Alimony is a type of court-ordered payment that one spouse pays to the other following the dissolution of a marriage. When one partner earns more than the other, alimony can help to ensure that person’s financial security during and after divorce proceedings. However, terms and conditions vary from state to state, so it’s best to consult with an attorney in your area pertaining to your specific situation. Alimony is designed as a means of support for those who have sacrificed their careers or had children during the marriage in order for their spouse to pursue a career or education.
You can see a Wisconsin family lawyer if you want to clarify more about the calculation of alimony. Alimony is usually calculated based on a number of factors, including the length of the marriage, the earning capacity of each party, and many more.
Let us now look more into those factors based on which alimony is usually calculated.
- The length of the marriage
The length of the marriage should be considered when calculating alimony and awarding it to one spouse. Alimony can be awarded to either party and paid for a period of time, usually during the life of the recipient. However, if an ex-spouse remarries, alimony can only be awarded if they were legally married to someone else before receiving the divorce. The amount of time that has passed in general is not always taken into consideration when calculating alimony.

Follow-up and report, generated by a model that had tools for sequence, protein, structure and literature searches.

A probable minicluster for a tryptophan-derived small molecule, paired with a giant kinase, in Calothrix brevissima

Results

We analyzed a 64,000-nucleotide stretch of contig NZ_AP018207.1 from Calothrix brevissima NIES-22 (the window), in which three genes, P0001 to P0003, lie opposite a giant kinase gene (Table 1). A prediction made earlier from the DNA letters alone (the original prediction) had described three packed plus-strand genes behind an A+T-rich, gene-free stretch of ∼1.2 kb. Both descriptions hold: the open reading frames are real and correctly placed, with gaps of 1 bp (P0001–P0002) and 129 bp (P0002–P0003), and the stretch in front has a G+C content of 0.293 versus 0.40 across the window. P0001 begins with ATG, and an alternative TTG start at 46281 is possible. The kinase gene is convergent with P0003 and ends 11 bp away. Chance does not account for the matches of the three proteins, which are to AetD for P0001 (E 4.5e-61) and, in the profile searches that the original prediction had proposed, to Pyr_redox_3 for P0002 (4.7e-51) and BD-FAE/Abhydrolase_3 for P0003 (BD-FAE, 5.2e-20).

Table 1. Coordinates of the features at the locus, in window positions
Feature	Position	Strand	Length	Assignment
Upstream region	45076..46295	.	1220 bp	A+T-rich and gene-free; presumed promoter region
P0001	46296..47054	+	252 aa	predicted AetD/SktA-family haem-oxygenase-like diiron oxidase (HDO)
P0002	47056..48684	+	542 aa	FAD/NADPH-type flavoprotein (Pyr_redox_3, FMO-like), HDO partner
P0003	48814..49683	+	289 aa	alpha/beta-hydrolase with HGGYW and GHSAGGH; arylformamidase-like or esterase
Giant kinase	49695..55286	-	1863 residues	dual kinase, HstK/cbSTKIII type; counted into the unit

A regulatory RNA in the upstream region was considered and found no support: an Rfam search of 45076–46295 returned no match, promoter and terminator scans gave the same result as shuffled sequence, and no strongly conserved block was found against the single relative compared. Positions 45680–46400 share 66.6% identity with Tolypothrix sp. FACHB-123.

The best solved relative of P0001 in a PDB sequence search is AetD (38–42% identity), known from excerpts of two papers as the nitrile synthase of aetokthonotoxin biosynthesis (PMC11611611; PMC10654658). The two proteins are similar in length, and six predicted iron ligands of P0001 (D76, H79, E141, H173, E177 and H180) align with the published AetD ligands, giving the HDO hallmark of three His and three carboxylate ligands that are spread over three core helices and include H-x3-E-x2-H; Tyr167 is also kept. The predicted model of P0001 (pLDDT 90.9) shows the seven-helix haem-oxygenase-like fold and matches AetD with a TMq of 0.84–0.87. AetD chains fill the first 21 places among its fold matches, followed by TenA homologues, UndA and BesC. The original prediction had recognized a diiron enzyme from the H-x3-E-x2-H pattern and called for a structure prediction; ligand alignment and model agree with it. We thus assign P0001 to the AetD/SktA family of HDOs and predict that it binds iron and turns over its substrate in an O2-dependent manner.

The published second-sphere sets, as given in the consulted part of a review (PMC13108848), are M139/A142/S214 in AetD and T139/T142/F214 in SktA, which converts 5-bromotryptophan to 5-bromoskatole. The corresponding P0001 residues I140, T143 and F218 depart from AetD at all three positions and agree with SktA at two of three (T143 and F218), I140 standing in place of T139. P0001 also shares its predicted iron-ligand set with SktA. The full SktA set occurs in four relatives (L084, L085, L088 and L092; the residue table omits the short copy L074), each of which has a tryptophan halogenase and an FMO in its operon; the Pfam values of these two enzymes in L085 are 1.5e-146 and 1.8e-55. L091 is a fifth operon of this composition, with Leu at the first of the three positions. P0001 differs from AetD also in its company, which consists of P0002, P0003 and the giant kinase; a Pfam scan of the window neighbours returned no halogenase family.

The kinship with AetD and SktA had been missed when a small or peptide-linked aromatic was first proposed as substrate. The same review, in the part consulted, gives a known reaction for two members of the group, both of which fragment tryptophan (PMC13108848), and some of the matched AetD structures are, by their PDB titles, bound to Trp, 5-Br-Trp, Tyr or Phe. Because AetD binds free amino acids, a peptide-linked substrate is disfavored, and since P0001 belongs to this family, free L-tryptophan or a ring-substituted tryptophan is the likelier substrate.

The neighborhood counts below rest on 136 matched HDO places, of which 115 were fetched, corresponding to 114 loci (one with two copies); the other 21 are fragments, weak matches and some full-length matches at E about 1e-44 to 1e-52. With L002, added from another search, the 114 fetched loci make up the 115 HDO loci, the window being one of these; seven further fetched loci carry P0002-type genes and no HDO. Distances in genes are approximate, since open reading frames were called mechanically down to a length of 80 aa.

- The age of each spouse
It is considered the age of each spouse when calculating alimony. It is not considered out of the ordinary for one spouse to make more money after being married for a lengthy period of time. This is especially true if one spouse stayed at home to raise children or had a career as a homemaker.
- The education level and work history of both parties
The education level and work history of both parties is also a factor when calculating alimony. This review is to see if either party has a proven earning potential that may lead to their removal from the need for alimony. If both parties have similar financial backgrounds, then the length of the marriage can help determine which spouse will be in need of support.
- The earning capacity of both parties
Both parties are expected to maintain their current living standards, but some may need more help than others. The earning capacity of each party is considered before factors such as education level and work history are considered.